The moon was full last night. So according to my favourite version of the Ogham ‘tree calendar’, we’re now halfway through the Month of the Alder. You might choose to follow my ‘ogham’ tag for other posts in this series.
The ancient Celts used their Ogham alphabet for various purposes but they don’t seem to have associated a calendar with it. Here’s a debunking of that myth. I like this calendar, though. It directs attention to a different species for each lunar month. So this month, let’s admire the alder.
The common or black alder (Alnus glutinosa) is native to Britain. It’s widespread and common. Here’s a map showing that A. glutinosa grows in almost every part of these islands. If you’re in London you can visit a specimen tree of this species at the Royal Botanic Garden at Kew. If you’re near any wood in Britain, you can look for alders because there are plenty of them.
Alder doesn’t grow in every wood. Mostly in wet ones. It has symbiotic bacteria (Frankia alni) living in its roots. That is, the bacterium and the tree are mutually beneficial. Its symbionts allow the alder to thrive in damp soil. Therefore the alder is typical of riparian (that is, riverside) and alluvial (that is, flood-prone) woods. Broadly speaking, riparian woods and alluvial woods are more or less the same thing. So it’s no surprise that the Joint Nature Conservation Committee’s map of UK alluvial forest looks like the Online Atlas of British and Irish Flora’s map of alder distribution.
Trees for Life tells us why riparian woods are so special. They provide habitat for many species of vascular plants, fungi, mosses, lichens, invertebrates, fish, mammals and birds. That’s before you even start to admire the titchy little microorganisms. The Forestry Commission (FC) agrees. FC also says that riparian woods can affect water quality, therefore needing the right kind of riparian habitat management.
What if you find a band of woodland with alder and other species like those of a riparian wood, but without a stream or river? You might be looking at the line of an old watercourse. In that sense, alder is an indicator species. When the Wildlife Trusts describe indicator species whose presence suggests ancient or semi-natural woodland, alder is one of those species. The Royal Forestry Society tells us more about ancient woodland indicators. Francis Rose at British Wildlife also tells us about these species worth noticing.
If you know how to read indicator species, you’ll know better than to believe that you’re standing on a line of geopathic stress, even a ‘ley line’ where ‘spiritual energies’ flow. To complement Mary Jones’ essay debunking the Ogham ‘tree calendar’, here’s one by Dave Gamble dubunking ‘ley lines’. I’m glad to have stumbled upon Dave’s ‘Skeptical Science’ website. Dave asks, among other things, why we don’t install ‘spiritual energy’ meters to measure the magical ‘flow’.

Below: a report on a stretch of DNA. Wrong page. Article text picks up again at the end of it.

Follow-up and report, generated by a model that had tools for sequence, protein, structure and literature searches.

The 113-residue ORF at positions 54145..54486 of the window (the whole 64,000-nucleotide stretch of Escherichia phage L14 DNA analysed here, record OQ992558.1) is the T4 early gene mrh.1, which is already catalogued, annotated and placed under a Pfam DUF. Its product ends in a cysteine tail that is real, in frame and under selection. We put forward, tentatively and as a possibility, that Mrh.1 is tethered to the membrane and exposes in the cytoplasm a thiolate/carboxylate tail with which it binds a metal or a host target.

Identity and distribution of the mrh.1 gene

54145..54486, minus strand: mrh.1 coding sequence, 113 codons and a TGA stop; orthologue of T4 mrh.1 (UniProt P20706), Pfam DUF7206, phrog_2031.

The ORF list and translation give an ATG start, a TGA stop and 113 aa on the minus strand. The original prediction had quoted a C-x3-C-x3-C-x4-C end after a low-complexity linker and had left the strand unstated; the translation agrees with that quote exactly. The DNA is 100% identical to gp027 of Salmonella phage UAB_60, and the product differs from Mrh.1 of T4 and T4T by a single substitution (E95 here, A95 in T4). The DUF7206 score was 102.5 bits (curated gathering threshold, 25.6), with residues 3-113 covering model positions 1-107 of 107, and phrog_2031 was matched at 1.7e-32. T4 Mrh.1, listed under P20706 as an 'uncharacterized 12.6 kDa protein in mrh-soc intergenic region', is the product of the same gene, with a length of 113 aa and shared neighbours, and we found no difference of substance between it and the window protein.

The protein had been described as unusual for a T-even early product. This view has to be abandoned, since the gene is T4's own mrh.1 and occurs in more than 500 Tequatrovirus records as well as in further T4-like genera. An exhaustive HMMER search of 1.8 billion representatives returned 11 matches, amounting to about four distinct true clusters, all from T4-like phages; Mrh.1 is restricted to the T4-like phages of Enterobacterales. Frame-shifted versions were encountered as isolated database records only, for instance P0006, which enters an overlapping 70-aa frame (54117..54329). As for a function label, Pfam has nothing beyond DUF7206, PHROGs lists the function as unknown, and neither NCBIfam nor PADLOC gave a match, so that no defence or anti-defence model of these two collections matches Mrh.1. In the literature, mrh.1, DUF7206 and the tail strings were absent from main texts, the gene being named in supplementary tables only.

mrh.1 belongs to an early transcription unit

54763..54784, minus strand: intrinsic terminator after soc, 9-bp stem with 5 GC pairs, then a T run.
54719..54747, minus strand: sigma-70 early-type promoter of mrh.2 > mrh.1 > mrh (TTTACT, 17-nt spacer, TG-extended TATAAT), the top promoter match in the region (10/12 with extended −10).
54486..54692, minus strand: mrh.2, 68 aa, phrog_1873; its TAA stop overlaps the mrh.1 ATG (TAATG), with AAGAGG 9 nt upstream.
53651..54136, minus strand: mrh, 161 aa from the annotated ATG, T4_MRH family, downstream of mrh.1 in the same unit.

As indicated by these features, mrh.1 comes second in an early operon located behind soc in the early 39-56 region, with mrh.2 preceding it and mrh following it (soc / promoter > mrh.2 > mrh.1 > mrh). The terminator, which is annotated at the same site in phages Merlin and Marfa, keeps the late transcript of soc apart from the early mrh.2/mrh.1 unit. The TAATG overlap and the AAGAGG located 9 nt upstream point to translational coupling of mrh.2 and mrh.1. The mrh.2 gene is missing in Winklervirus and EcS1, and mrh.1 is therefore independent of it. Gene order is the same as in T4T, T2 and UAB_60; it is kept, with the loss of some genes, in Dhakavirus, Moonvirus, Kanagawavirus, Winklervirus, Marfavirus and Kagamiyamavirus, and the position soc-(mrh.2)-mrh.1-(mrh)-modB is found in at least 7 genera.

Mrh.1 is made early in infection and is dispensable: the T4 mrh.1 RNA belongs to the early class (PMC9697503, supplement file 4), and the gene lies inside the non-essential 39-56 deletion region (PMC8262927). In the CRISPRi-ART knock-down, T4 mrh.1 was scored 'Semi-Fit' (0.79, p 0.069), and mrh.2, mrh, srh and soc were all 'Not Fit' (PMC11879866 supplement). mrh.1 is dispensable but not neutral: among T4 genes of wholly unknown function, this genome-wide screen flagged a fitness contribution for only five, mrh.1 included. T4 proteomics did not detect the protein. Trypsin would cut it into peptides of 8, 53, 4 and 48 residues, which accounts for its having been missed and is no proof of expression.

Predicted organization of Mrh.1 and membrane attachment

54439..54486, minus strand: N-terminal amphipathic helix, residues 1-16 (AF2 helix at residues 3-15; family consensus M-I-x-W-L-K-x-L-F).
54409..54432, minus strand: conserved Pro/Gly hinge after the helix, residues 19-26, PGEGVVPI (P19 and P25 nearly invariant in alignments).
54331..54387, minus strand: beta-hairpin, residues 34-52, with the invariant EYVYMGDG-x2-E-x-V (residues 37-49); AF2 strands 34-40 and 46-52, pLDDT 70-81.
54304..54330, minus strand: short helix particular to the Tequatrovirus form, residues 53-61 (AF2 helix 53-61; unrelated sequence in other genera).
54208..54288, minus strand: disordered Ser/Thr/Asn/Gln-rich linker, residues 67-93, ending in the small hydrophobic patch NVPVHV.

Enough woo, woo. The Royal Horticultural Society (RHS) tells gardeners how to grow alder. RHS also says that alder can be used to reclaim ‘brownfield sites’ where buildings used to be. But Andy Moffat at the FC’s research agency, Forest Research, isn’t very impressed by that idea. He says that alien trees, including foreign alders (various Alnus spp.) often prove more suitable for land reclamation in Britain.
Choices might become more limited for people who want to plant Alnus spp. That’s because this genus is yet another kind of tree now threatened by an emerging (that is, previously rare) disease. The disease attacking alder trees is caused by a fungus-like mould called Phytophthora alni subsp. alni. It’s a new hybrid. Here’s what FC says about the Phytophthora pathogens attacking our alder trees. The National Forest website tells us more about Phytophthora diseases affecting alder. You might choose to follow my ‘Phytopthora’ tag for more about this group of plant pathogens.
Alder has a lot of different symbionts. As well as the root-nodule bacteria, it lives symbiotically with dozens of fungi as Trees for Life explains.
If you scroll down the Trees for Life page I’ve just linked to, you’ll find pictures of alder flowers (female), catkins (male), and the cones which result. After they ripen, alder seeds leave their cones to be dispersed by wind and water.
We’re having a late spring in Britain now. You might still find flowers and catkins on the alder trees. Aren’t they pretty?